A modern master of “living bronze” sculpture,
Victor Issa is one of the few artists working today who possesses
the rare craft and ability to transform cold, hard metal into
forms that resemble the softness of skin and that appear as if
they could breathe and move, with such dynamic realism. He is
renowned for his expertise in capturing the primal passion,
beauty and vitality of the human figure, and the spirit within.
His famous works of religious figures, celebrities, angels,
fairies, and more have been seen and admired around the world. We
had the special opportunity to sit talk with this esteemed
artist, learn where he came from, and discover what motivates the
greatness of the artwork he creates.
Hollywood Sentinel: Victor, it is a real honor to speak with you. Your work is truly amazing. Where are you from and how did you begin as a sculptor?
Victor Issa: I grew up in Lebanon, in the Middle East, I finished high school there, and then I came to America as a freshman in college. Up until I was in college, I hadn’t taken any art classes. I knew that I was really drawn to artistic endeavors. I would draw and paint before I even had any supplies to speak of, with whatever I could. I even did some carvings, I carved an elephant out of soap one time, and so I guess you could say I had the bug during the early years, but I never thought I could make a living at it, because I didn’t know any artist making a living at sculpture or as a painter.
Hollywood Sentinel: Where were you living at this time?
Victor Issa: Beirut. Part of this at the time was Northern Lebanon, in the villages.
Hollywood Sentinel: And how was the political climate at this time and your environment?
Victor Issa: We immigrated in 73, which was just a year or two before the civil war broke out, and we lived in what could be considered the golden years of Lebanon, definitely a beautiful time, and the country was peaceful, and growing and prosperous, and then upon leaving- there was unrest, and up until now I guess there is still conflict.
Hollywood Sentinel: I see, do you still have friends or family back there?
Victor Issa: No, all of my family exceept a couple of my cousins on my mother’s side came the west, either to Canada or the United States, one or two families went to Australia, and the rest all left Lebanon in the 70’s.
Hollywood Sentinel: Do you get back there ever?
Victor Issa: I managed a trip nine years ago, I took three of my children and they got to see where they grew up.
Hollywood Sentinel: You were in college and you began heavily in artwork when?
Victor Issa:I entered college with the intent to graduate as a music education major, because as I said, I didn’t know any artists making a living, so I didn’t think I could either. I was taking art as a minor, and I found myself spending more time in the art building instead of the music building and so my advisor taking note of that suggested I switch to art as a major. But I loved music enough that I decided to double major for a while, and after six years of college I decided to graduate with just an art major and a music minor, I finished a degree in education, but I never got a (full time) job as a teacher. I did some part time teaching, and I got a job in the hotel industry (at that time) to support the family. I graduated in 1980, and in 1988 I decided to pursue art full time, and we decided to move from Nebraska to Colorado, and went full time in Colorado and launched my career.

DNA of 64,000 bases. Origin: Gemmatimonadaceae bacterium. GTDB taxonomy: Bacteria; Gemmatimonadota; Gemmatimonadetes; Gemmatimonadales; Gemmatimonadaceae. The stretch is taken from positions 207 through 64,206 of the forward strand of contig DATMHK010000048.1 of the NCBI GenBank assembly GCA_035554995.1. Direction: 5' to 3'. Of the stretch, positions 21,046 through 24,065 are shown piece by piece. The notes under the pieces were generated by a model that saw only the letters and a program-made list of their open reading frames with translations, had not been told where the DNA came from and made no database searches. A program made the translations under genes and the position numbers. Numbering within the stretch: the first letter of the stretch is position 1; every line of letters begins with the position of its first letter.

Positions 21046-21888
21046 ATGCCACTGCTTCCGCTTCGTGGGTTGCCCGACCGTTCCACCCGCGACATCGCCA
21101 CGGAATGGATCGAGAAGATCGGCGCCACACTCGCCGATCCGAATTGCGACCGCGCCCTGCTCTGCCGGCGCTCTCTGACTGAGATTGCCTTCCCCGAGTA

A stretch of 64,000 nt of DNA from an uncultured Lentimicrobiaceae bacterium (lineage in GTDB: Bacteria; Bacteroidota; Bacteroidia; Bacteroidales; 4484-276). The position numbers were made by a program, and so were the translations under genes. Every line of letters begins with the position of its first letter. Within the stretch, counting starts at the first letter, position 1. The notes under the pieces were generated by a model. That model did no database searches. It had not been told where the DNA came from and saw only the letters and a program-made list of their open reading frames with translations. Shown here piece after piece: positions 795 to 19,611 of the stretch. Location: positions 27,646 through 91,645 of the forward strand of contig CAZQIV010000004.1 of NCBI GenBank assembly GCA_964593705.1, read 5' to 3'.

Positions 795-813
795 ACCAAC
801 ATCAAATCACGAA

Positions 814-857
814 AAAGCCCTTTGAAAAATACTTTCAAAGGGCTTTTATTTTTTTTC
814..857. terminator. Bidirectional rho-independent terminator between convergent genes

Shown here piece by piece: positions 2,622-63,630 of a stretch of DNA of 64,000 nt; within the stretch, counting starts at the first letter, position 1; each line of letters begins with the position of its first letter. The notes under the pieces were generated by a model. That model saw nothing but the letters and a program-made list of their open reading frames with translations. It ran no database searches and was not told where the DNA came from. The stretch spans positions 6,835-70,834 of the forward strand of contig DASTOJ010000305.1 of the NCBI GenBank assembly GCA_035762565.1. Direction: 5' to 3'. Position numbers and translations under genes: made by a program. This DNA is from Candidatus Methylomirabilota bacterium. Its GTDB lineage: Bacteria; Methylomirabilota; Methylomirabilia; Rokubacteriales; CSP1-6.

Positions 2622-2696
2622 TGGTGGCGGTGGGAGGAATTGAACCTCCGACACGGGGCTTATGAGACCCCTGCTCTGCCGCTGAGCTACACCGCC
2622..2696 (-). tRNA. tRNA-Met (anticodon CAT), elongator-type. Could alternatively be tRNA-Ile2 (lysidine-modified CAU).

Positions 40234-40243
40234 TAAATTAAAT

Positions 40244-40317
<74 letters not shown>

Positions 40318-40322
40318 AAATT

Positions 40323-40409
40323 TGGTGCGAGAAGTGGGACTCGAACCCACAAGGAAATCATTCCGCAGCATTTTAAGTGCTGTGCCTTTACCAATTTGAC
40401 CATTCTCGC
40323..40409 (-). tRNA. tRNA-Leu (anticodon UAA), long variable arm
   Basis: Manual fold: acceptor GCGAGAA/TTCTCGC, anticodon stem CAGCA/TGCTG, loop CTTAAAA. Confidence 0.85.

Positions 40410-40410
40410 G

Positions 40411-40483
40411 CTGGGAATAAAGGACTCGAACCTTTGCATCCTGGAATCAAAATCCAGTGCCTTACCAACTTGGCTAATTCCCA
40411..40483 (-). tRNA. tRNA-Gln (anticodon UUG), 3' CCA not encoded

Hollywood Sentinel: What area of music were you really drawn to?
Victor Issa: I guess my vocal teacher picked upon a talent with my voice, and so I was a vocal major, vocal conducting, as first tenor.
Hollywood Sentinel: Where you are at now, and when you were first learning, when you were carving the elephant in soap, that is obviously a huge leap, can you kind of fill in the gap for me, how did you learn to do what you do now as a sculptor?
Victor Issa: A part of my requirements for art education was a sculpture class. I took the first two semesters at my small parochial college, in Lincoln Nebraska, and I was fairly elementary, and then I needed additional coursework so I went to the University of Nebraska where I signed up for their figure sculpture class, and I was totally hooked and just really loved the process and all of that and so after the class in college I really enjoyed that and after college I started doing some independent work and I hired a model myself and took about nine months to finish a half life size piece.
Hollywood Sentinel: I have to digress for a minute, as you know I am also a model and talent manager… what did she look like? Was this your future wife?
Continued on next page.
© 2011, The Hollywood Sentinel